“Fascist” refers to the naked rule of the bourgeoisie under conditions of the defeat of the working class, backed by ultra-nationalism usually justified by some form of racialism. To say that anyone using the word “Commie” is a fascist would be entirely wrong, sloppy, unscientific, and closer to the truth than saying support for a workers state is fascist.

    “Capitalism” refers to a system of commodity exchange in which the exploitation of labor is used to amass capital for the expansion of production as well as accumulation of private weath; a state may by capitalist or monarchial or slave-holding &c in its content; it may also be Bonapartist or democratic or libaral repubulican &c in its form. Saying that any system that empowers the state is a capitalist state has exactly as much meaning as saying that anything that is liquid at room temperature is water.

    In other words, as used above, we have “Commie” and “Fascist” and “Capitalist” ripped out of any scientific context. These words, as being used, mean nothing, they all reduce themselves to “things I don’t like” and carry with them an iron determination to never, under any circumstances, actually try to understand the objective basis of, well, *anything.*

    The point where someone has demonstrated a commitment to not understand is the point where further argument is an exercise in futility.

  58. I think it might help the conversation if skzb stopped assuming that the world is simply a shadow of Amber, sorry, the U.S.

    It isn’t. I suspect that the Republicans may depose Trump in favour of Pence, which will be a major problem for those in the US who are not white, wealthy, straight Christian males.

    For the rest of the world, however, it would be brilliant by comparison. Trump is capable of nuking anywhere as a PR stunt to put his ratings up, but with luck those nukes wouldn’t be dispatched at his nominal allies, though after his Sweden fantasy I may be being overly optimistic.

    So, living in a bit of the rest of the world, I’m hoping that Trump’s militaristic obsession won’t work for him, and that Pence doesn’t want to start WW III. Hope is all I have now…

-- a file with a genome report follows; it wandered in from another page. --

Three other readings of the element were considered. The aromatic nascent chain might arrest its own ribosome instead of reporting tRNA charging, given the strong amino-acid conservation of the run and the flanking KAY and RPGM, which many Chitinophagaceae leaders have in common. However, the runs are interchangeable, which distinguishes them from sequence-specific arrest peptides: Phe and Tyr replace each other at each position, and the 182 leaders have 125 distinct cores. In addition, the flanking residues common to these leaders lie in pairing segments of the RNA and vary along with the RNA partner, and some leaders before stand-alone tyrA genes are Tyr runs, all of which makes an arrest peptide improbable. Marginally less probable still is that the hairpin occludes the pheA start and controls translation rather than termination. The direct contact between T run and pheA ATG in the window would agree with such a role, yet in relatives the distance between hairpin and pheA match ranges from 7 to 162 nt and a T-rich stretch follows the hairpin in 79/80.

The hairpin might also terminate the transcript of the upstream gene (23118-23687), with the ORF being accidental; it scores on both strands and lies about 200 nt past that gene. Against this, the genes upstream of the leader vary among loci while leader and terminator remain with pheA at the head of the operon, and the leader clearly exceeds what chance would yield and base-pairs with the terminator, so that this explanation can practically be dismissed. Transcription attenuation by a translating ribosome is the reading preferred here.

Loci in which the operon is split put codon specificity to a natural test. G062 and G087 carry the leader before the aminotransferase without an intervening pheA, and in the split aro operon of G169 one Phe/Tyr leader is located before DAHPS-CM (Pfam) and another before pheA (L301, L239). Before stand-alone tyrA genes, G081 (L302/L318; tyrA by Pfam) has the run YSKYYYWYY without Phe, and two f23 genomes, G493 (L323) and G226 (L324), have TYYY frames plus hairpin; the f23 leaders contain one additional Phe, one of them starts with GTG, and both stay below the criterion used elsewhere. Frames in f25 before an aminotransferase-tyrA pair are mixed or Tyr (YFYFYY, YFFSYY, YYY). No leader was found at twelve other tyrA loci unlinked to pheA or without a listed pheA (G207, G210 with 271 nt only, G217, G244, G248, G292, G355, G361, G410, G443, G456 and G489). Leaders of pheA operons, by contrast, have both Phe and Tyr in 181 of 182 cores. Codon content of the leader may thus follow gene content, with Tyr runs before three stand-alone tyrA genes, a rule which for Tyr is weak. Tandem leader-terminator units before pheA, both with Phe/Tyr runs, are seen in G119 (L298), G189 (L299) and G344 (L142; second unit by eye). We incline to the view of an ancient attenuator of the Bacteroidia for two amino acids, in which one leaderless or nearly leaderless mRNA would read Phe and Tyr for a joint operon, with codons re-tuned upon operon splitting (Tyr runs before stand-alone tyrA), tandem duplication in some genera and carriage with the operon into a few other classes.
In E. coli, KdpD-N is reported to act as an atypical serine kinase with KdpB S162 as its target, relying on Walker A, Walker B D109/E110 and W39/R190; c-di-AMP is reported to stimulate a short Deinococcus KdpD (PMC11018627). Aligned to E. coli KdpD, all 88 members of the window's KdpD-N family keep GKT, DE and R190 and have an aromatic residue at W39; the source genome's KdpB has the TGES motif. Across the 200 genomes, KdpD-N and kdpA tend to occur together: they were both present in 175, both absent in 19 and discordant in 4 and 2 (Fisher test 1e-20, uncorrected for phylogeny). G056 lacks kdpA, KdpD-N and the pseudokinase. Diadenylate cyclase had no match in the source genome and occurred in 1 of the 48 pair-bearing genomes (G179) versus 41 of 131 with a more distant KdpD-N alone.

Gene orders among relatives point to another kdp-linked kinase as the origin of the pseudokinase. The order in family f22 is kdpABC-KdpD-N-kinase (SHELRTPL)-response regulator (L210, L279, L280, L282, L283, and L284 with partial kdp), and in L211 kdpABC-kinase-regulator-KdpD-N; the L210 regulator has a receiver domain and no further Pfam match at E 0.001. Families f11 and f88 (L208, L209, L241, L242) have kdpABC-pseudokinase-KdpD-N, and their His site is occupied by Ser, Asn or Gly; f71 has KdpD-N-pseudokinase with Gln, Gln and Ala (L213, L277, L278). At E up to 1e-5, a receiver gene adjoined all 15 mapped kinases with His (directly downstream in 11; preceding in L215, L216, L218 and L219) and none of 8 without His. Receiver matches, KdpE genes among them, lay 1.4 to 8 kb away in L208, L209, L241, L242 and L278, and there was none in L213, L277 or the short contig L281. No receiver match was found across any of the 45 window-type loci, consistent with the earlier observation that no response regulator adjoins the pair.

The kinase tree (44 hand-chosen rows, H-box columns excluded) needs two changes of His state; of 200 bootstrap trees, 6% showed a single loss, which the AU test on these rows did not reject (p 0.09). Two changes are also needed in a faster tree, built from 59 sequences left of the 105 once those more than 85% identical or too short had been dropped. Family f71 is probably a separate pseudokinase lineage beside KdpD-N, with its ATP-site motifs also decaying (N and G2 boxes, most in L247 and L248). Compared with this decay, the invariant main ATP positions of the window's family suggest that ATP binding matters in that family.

59. skzb

    Stevie: Did this go into the wrong post? If you want to put it in the right place, I’ll delete this one.

  60. Nathan S.: ” I personally cannot think of societal planning, bureaucratic meddling, revolution, and/or expansion of state power as means to achieve this nirvana as desirable or even effective compared with an situation – to me, inescapable – where most people, over time, realize the absurdity of denying it.”

    I wanted to explore this a bit more. I think that an entrenched frozen bureaucracy as we saw develop behind Stalin is a bad thing. I don’t think there is much disagreement there.
    Revolutions happen when conditions get bad enough. Breaking out of the eternal cycle of a small percentage garnering power/resources to themselves until they have to be removed is one of the points. Revolutions don’t have to be violent–most people, over time, realizing the absurdity of denying that “to each according to his needs” is a good thing would be a revolution in itself.

    One thing I find interesting (and disconcerting) is the detachment many people feel from government. The government is the people and the people are the government should be the ideal. It shouldn’t even be a radical thought–
    “We the People of the United States, in Order to form a more perfect Union, establish Justice, insure domestic Tranquility, provide for the common defence, promote the general Welfare, and secure the Blessings of Liberty to ourselves and our Posterity, do ordain and establish this Constitution for the United States of America.”

    It is fairly clear that people aren’t experiencing that currently and the general detachment from government is a problem. The representatives aren’t representing very well. This all goes to speak to your comment on the expansion of state power. If the people are the State and so hold all the power, this could be called either an expansion or simply the state of how things should be.

  61. “I was implying that you could occupy the apartment as long as you needed to occupy the apartment. Since we do not have a housing shortage, I don’t see any reason that anyone would be kicked out of their current housing.”

    Current reasons include:

    The land is needed for some better public use. They might need to flood your valley to make a reservoir or lake, they might need to put a power plant or airfield there, etc.